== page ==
Tuesday, March 23, 2004

USVI: Defending the U.S. Constitution

I am tired of hearing black people say that the Constitution of the United States refers to black people as three-fifths human. It is not true and it is a terrible misrepresentation of the Constitution and of the people of African descent who were present in the country at the time.

Nowhere in the Constitution of the United States are blacks or negroes or colored people or any persons, called three-fifths or any fraction of a human. In Article I of the Constitution it is stated that for the apportioning of representatives and taxes, the number of persons attribute to each state "... shall be determined by adding to the whole number of free Persons, including those bound to Service for a Term of Years, and excluding Indians not taxed, three fifths of all other Persons."

This means that the number of representatives in Congress that a slave holding state was allowed to have was less than it would have been if slaves were each counted as one. The three-fifths was therefore better for slaves than a one would have been because it gave slave owners less power in Congress.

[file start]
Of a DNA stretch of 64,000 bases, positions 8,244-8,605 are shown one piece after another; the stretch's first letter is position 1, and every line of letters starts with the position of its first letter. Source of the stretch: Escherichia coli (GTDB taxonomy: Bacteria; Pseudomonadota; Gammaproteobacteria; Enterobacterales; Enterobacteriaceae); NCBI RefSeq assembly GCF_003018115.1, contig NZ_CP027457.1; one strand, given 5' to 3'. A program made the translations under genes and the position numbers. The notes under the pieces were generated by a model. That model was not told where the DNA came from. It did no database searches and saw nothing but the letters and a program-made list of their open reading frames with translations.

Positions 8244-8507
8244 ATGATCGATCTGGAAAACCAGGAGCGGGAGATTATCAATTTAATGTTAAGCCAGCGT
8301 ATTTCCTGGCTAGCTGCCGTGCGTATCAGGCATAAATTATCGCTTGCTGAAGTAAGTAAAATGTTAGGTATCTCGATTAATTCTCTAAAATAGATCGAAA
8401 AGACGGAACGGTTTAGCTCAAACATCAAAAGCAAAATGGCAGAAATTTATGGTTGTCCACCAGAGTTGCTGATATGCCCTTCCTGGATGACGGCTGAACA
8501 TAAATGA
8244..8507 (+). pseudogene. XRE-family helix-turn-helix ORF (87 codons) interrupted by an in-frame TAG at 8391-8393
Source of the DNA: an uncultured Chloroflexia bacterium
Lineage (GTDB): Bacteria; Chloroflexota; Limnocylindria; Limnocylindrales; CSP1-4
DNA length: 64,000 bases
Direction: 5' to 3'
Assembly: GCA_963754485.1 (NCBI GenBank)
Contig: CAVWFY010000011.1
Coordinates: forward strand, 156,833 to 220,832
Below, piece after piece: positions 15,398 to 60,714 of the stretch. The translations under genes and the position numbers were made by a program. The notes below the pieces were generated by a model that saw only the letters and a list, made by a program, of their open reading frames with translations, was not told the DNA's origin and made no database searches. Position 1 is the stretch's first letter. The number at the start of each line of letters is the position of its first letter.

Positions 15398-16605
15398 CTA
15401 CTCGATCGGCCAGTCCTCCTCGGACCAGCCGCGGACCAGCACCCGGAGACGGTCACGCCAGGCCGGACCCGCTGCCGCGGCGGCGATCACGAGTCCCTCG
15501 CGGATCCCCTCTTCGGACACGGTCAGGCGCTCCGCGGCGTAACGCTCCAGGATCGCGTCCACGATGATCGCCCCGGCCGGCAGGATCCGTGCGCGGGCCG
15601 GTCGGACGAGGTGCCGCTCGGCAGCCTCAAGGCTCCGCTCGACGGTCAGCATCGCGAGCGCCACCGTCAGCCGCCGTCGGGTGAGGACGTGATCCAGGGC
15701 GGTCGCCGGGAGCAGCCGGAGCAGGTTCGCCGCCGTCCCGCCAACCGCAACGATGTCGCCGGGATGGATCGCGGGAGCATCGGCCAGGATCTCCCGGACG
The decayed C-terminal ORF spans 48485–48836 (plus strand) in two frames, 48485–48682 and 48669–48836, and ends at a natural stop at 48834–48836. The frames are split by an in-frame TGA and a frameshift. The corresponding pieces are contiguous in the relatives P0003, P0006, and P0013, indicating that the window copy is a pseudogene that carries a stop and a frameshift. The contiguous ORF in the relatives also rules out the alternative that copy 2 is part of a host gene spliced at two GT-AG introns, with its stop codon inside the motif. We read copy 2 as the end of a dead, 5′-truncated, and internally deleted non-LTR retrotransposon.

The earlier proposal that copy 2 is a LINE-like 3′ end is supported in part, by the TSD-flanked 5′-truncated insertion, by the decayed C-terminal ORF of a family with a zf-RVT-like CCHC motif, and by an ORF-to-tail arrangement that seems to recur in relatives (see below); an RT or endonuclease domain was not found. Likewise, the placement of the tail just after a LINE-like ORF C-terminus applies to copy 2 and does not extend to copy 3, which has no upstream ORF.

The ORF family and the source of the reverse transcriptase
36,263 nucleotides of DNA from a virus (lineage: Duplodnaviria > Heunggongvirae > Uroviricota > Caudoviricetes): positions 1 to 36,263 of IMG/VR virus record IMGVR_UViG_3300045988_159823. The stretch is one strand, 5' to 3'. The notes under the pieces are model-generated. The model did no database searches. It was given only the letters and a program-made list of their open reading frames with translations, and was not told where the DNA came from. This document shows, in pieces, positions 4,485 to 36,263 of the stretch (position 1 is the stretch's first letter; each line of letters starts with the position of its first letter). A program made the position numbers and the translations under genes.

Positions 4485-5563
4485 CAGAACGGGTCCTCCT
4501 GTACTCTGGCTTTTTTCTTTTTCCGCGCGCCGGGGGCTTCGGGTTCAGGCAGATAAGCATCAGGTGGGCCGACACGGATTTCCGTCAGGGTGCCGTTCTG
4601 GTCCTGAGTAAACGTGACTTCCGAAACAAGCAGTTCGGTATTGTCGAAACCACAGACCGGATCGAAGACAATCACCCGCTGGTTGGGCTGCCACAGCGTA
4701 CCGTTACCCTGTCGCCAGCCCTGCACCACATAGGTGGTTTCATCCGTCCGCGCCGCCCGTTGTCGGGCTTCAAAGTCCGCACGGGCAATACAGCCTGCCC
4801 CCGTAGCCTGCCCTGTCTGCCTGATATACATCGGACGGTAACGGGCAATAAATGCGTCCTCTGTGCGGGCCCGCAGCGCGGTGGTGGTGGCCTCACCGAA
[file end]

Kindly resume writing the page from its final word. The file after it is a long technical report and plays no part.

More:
That's an interesting interpretation. Read the rest of the piece. My take on the Constitution has always been that it is a shining city upon a hill. It is the ideal that may never be completely realized, not because America is racist, but because the nature of man is such that what men obtain will always be less than the Constitution promises. Given the way that Congress is mucking around with the document -- without benefit of any amendment (campaign finance reform, anyone?) -- the Constitution may soon present a very unattainable and distant ideal. Go here to read it. There's not another document like it on this God's earth. Make sure and check out the historical documents, particularly the Federalist papers, and the Bill of Rights.

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